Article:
Enchanting world-building, Natalya Newman
The King’s Nightingale
March 01, 2021
Published in January 2021, Sherryl Jordan’s latest historical fiction novel is an emotionally jarring read of cultural diversity, pain, self-discovery and development. The King’s Nightingale tells the tale of Elowen of the Penhallow Isles as she is forced to adapt to a land and culture entirely different from her own. Readers follow Elowen as she is sold to a foreign ruler for her beautiful voice and we watch as she struggles to hold onto her identity. Jordan uses a captivating writing style to tie readers so closely to the fates of the characters that we can feel every triumph and every failure alongside them. This novel gives a refreshing and emotional approach to identity.
Elowen of the Penhallow Isles is completely happy with her life. Although her family doesn’t have much to offer besides their home in the quaint fishing village of Bodruth, she is content and has no desire to leave her mother and her six younger siblings. But when pirates raid her village, panic ensues. During the chaos, Elowen is captured alongside one of her siblings, Fisher. Thrown into a world too vast to comprehend, Elowen is bound into slavery and taken to a far-off part of the world, one she had never dreamed of seeing. Yet instead of seeing possibility, Elowen feels only pain – unbearable, agonising pain – as her life as she knows it crumbles beneath her feet.
So, when Elowen is separated from everything she has ever known and sold to a foreign ruler for her ethereal singing voice, she is forced to rearrange her life. Elowen must learn to adapt and shift in ways she had not believed herself capable of. Over time, she could learn to love the city of Al-Zafar and its people, but with the responsibility of finding her brother holding her down, she still feels like she is doing something wrong. As The King’s Nightingale, Elowen rises into the king’s favour, all the while holding on in hopes of one day taking her brother home. But when it comes down to it, is her voice a key to freedom – or is it just a pretty shackle tying her to a silver cage?
The cover of The King’s Nightingale depicts a silver cage with a girl inside and a navy blue background. The title is also done in silver and is written in a flourishing, elegant font. This image provides an overview of the story, whilst also pointing towards Elowen’s mindset concerning captivity. No matter how rich or beautiful your cage is, it is still a cage and at the end of the day it will continue to contain you. Even the clothing on the silhouette within the cage hints at the beautiful culture and experiences of the characters. The graphic design gives so much personality to the book. The inclusion of the beautifully decorated front pages, the sketch of Elowen in the back of the book, the world that Jordan has so lovingly created displayed on a map, the pronunciation guide and the contents page give the reader insight into the overall story and themes without even reading the book. Although you shouldn’t judge a book by its cover, sometimes the cover is there to draw you in and give you a taste of what is to come. The King’s Nightingale has most definitely achieved this effect with its captivating design.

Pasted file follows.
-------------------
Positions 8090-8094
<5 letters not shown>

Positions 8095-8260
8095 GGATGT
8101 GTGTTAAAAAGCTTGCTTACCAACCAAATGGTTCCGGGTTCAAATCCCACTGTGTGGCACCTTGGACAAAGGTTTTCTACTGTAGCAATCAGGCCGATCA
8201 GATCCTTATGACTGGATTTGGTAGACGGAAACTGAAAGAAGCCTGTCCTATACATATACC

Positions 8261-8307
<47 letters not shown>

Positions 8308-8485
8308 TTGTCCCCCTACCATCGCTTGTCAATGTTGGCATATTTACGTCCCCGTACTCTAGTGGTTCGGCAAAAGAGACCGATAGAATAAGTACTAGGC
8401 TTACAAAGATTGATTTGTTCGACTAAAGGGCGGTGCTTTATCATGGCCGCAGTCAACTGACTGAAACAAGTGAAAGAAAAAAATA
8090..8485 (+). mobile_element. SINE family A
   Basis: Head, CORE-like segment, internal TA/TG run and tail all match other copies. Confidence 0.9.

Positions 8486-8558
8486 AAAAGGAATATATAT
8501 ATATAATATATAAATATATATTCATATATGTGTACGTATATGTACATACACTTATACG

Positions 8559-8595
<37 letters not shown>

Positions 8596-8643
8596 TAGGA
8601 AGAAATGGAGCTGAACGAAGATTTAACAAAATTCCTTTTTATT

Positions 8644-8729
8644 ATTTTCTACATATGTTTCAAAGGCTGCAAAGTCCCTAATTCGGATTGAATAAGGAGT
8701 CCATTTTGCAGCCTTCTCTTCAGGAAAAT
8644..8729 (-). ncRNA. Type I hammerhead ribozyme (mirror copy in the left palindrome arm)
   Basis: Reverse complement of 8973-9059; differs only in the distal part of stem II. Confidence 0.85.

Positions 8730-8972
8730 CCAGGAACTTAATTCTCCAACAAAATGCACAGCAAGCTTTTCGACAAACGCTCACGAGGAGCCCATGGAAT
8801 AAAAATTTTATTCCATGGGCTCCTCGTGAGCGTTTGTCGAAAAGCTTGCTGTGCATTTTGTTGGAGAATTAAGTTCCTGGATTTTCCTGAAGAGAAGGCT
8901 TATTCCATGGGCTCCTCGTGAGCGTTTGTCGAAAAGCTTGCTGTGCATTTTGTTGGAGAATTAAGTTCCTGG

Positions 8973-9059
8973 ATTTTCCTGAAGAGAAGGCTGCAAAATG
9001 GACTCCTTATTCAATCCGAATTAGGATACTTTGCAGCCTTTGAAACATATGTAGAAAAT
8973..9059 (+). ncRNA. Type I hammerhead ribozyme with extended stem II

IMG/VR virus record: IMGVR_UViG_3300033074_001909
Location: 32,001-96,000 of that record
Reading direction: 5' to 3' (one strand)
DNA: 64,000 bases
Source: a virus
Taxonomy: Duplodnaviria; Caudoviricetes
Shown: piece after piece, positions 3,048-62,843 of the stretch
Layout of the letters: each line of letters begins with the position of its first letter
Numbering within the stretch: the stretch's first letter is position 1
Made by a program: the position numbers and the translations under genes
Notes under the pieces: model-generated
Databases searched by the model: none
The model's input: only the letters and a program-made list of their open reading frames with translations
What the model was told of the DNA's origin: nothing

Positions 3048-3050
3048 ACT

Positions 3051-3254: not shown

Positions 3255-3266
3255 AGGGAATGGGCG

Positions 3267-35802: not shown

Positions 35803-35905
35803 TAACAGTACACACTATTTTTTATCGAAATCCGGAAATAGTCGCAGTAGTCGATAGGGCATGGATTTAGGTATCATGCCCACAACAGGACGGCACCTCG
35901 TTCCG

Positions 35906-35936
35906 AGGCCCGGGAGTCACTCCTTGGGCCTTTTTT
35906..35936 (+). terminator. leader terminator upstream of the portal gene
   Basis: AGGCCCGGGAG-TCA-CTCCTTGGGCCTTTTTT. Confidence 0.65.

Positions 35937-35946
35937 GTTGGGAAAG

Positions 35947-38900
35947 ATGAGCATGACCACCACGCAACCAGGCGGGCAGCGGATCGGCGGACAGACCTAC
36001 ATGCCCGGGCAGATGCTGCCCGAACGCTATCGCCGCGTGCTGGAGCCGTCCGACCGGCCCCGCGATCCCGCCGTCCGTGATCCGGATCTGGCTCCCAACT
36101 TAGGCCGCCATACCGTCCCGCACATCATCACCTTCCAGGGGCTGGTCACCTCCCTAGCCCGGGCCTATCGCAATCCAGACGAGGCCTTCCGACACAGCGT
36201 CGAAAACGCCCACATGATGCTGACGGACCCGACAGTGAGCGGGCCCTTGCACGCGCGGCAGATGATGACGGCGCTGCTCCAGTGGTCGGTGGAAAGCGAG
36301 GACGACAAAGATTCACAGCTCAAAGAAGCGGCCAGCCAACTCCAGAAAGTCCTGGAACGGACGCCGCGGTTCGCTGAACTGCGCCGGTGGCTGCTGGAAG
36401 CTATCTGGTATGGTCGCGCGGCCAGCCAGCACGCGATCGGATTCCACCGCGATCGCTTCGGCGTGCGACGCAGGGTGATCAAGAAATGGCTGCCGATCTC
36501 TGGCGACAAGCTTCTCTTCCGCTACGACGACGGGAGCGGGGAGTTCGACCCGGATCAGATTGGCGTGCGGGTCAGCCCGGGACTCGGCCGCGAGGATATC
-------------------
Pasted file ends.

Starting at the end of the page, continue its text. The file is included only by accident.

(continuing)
Jordan uses many themes to highlight Elowen’s journey. One of the most outstanding ideas is self-discovery and identity. Jordan takes us alongside Elowen as she discovers the true meaning behind herself. Elowen ties her identity so closely to her home and family that when she is away from them, she feels like she is losing herself. Is her identity her homeland and her family, or is it the life and friends she makes for herself. The answer to this question evolves and develops throughout the book, much as we all inevitably change as people. Jordan’s way of approaching this is intriguing and pushes the story to unbelievable heights.
Something that fascinates me about this story is the name of our heroine; Elowen. The way it is both written and spoken seems to almost flow. I became curious about this name, and I discovered something that fits in perfectly with the tale of The King’s Nightingale. The Cornish meaning of Elowen is Elm. The symbolism tied to the elm tree is rooted deeply in folklore, as a symbol of the Otherworld, of creation and death. This idea really connected with Jordan’s character for me as by voicing her music, Elowen is creating beauty and joy, but also creating a life for herself using her voice. Yet because of this, Elowen must destroy parts of the foundation of her identity to thrive. This could have been intentional on Jordan’s part, but either way, Elowen’s story is rich with meaning.
This book is an incredible and emotionally binding read, and I would wholeheartedly recommend it to anyone who loves enchanting worldbuilding. This book reminded me of the Throne of Glass series by Sarah J Maas in both its genre, and its approach to slavery. I am intrigued by the idea of taking control of one’s identity and reclaiming it from traumatic events, so both The King’s Nightingale and Throne of Glass catch my interest. This story will draw people in, and if there were ever more books or short stories written in this world, I wouldn’t hesitate to read them. The complexity and emotion put into each of the characters enthralls me, and I would jump at the chance to gain further insight into the lives within Jordan’s latest novel.
When a book truly makes you feel as though you have experienced everything alongside a character, it is the most extraordinary feeling. Sherryl Jordan’s style of writing does not disappoint! So if you enjoy tales of new experiences, cultural diversity, love and loyalty, you should give The King’s Nightingale a read.
- Natalya is a Year 12 student at Huanui College in Whangarei.